Maybe a rose by any other name would smell as sweet, but slapping the label “rose” on a skunk would not improve the impression the small mammal makes on those in proximity to its scent.
And that is the problem with the widely used new term “smart beta,” which generally has a positive connotation in the investment world but which is increasingly being applied to products with a rank smell — perhaps at least to Rob Arnott, whose firm, Research Affiliates, is most identified with smart beta.
In a newly published essay, Arnott, together with Research Affiliates senior researcher Engin Kose, wades into the fray on the true meaning of smart beta, which he views as “one of the most overused, ill-defined, and controversial terms in the modern financial lexicon.”
While Research Affiliates’ smart beta products have been commercially available now for close to 10 years, Arnott has perhaps been circumspect about defining a term that he makes clear was not his own invention.
So why speak up now?
“The success of so-called smart beta products has attracted a host of new entrants purporting to be smart beta products when, frankly, they aren’t!”
The fact that his own smart beta products — once derided as repackaged value investing based on back-tested data, he recalls — are just shy of 10 years of live data demonstrating their outperformance relative to cap-weighed indexing also suggests the need for a concrete definition of the strategy that has produced these results.
For starters, smart beta should not be understood as merely something other than traditional cap-weighted indexing. In fact, Arnott and Kose gallantly defend the rival indexing approach from charges that it is “dumb beta.”
“If an investor wants to own the broad market, wants to pay next to nothing for market exposure, and doesn’t want to play in the performance-seeking game, cap-weighted indexing is the smartest choice, by far,” they write.
Respectfully acknowledging the integrity of this strategy, Arnott’s worry seems to be the “me-too firms” that want to “stamp smart beta on anything that’s not cap-weighted indexing.”
Towers Watson, the investment consulting firm that coined the term smart beta, last year sought to add clarity to the term by defining it as “good investment ideas … structured better,” adding that such strategies should be “simple, low-cost, transparent and systematic.”
Arnott and Kose want to build on that definition, specifically with respect to equities. Here is their definition:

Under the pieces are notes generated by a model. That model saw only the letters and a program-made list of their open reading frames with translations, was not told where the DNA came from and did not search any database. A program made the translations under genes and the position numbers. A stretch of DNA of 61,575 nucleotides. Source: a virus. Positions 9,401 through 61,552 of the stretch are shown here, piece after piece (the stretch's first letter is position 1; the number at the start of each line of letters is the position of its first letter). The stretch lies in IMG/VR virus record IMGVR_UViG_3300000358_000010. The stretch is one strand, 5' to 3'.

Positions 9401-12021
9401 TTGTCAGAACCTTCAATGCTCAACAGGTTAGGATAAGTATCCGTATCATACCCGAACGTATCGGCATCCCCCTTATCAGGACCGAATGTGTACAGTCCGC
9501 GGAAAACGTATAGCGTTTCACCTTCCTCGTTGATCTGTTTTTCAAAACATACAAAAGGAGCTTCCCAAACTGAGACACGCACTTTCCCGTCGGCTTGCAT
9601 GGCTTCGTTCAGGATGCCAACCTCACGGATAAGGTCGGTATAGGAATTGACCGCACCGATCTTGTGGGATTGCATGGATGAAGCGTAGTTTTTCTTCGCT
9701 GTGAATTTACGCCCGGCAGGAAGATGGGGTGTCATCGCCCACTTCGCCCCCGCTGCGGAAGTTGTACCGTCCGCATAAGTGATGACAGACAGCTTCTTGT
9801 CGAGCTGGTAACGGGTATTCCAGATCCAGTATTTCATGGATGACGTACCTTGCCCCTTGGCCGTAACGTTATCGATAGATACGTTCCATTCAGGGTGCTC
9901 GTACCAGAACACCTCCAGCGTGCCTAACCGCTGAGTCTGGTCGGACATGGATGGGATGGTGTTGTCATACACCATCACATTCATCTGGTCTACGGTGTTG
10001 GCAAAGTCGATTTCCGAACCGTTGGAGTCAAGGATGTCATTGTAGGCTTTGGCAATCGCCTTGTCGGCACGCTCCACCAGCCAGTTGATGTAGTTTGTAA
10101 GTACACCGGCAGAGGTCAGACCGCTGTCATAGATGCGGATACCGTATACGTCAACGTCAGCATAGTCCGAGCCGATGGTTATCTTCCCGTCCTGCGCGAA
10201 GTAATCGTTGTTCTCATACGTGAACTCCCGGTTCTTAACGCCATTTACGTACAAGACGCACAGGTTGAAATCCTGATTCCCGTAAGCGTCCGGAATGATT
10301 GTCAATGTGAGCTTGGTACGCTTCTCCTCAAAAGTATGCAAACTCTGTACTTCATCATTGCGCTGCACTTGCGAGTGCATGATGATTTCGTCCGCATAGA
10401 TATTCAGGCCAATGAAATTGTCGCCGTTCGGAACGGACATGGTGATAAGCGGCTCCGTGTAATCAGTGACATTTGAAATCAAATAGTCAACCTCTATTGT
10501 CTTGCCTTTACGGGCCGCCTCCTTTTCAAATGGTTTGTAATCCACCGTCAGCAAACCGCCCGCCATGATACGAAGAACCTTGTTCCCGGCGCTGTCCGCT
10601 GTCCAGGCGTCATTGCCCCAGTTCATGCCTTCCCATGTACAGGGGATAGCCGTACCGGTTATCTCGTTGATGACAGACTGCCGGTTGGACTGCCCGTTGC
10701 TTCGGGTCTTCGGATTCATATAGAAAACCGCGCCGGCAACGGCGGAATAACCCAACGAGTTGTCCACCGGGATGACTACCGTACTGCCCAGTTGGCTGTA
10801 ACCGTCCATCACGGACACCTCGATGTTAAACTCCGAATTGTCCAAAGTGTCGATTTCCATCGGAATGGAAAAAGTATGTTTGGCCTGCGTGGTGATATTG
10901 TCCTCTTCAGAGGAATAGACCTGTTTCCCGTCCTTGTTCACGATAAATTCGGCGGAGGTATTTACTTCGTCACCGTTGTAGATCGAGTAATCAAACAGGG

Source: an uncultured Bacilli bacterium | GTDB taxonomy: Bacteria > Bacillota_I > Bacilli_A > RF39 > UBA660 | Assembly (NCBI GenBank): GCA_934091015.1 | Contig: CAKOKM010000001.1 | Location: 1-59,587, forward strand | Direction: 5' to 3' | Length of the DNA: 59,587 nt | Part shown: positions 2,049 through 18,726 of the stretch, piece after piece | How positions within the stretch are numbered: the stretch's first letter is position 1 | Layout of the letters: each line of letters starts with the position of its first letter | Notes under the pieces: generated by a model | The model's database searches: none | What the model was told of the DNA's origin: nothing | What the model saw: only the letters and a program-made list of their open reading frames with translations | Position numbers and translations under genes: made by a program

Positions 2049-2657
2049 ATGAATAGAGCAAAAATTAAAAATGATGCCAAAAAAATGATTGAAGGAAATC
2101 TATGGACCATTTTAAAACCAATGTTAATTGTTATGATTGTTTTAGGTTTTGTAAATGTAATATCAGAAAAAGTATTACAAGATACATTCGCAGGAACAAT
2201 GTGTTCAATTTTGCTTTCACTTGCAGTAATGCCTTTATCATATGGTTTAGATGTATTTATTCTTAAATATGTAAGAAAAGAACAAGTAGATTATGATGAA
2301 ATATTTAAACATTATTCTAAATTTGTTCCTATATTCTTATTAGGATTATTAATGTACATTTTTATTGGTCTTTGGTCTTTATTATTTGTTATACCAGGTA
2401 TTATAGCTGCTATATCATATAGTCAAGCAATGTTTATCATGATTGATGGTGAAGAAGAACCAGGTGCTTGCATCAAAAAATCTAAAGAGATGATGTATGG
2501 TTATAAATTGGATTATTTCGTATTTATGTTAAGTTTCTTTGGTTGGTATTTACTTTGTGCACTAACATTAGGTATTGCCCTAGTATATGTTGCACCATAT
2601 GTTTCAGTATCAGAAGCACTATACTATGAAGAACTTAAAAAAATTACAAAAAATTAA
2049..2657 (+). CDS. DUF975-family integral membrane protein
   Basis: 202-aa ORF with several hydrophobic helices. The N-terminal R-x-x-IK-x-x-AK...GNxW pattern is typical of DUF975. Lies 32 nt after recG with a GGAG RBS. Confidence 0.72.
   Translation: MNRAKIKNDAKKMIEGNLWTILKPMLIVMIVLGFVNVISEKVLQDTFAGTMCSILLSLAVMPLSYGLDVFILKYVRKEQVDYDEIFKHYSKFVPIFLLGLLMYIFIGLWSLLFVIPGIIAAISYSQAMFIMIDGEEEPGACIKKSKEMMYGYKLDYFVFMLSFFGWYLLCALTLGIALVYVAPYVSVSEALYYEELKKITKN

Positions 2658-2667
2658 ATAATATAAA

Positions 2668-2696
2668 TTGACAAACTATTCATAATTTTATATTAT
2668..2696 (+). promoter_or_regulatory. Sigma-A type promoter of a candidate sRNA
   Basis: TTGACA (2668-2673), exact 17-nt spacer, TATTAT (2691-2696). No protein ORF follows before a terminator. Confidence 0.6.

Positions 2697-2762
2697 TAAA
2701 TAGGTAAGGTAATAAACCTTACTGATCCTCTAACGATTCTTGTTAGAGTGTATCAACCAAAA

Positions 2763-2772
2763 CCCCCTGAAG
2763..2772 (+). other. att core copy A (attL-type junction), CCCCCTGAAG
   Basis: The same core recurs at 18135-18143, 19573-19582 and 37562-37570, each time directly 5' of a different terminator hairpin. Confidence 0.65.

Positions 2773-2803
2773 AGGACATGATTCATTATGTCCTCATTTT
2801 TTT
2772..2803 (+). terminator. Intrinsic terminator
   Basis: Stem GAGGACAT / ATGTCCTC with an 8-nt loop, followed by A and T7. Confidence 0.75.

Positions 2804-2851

“A category of valuation-indifferent strategies that consciously and deliberately break the link between the price of an asset and its weight in the portfolio, seeking to earn excess returns over the cap-weighted benchmark by no longer weighting assets proportional to their popularity, while retaining most of the positive attributes of passive indexing.”
This definition enables them to sharply contrast their approach to that of cap-weighted portfolios, whose indices are linked to price and therefore “automatically increase the allocation to companies whose stock prices have risen, and reduce the weight for companies whose stock prices have fallen.”
With this definition, Arnott and Kose generously include other investment strategies as meeting the standards of smart beta:
“Equal weight, minimum variance, Shiller’s new CAPE index, and many others, all sever this link, and empirically add roughly the same alpha,” they write, adding that all these approaches can be executed inexpensively and mechanistically, demonstrate historical and geographic efficacy and that some have “live experience that roughly matches the backtests.”
The live experience is an argument Arnott frequently cites, especially since the period during which his strategy has been implemented has generally been favorable to growth, though fundamental indexing’s value tilt has not prevented it from outperforming growth-oriented cap-weighted portfolios by about 2 percentage points.
In any event, Arnott maintains that breaking the link between price and weight is necessary but not sufficient to merit being called smart beta.
Rather, smart beta must also incorporate all or most of passive investing’s best features, itemized as transparent, rules-based, low-cost, liquid and well-diversified.
Arnott and Kose remind readers that smart beta is a long-term strategy wherein prolonged periods of underperformance must be expected. “Only a charlatan would encourage customers to expect 100% probability of future outperformance,” they write.
And while the future cannot be known in the present, they point out that their fundamentally weighted index has outperformed both a cap-weighted broad-market index and a cap-weighted value style index over the past 35 years.
Those traditional indexes will always be lower-cost than smart beta, but smart beta should in turn always be lower-cost than actively managed funds.
Financial advisors in particular are the ones who appreciate these distinctions, and see the wisdom in this middle approach. Write Arnott and Kose:
“The practitioner community has increasingly embraced the notion of seeking beta … for free, and paying for alpha.”
The source of smart beta’s alpha, they write, is the psychologically uncomfortable “contratrading” against investors who are buying what is popular and unloading what is unloved.
“Viewed in this context, smart beta actually can mean something useful: a smarter way for investors to buy beta with alpha,” they write. “After all, if one can find a more reliable alpha, and pay less for it, that would be pretty smart.”
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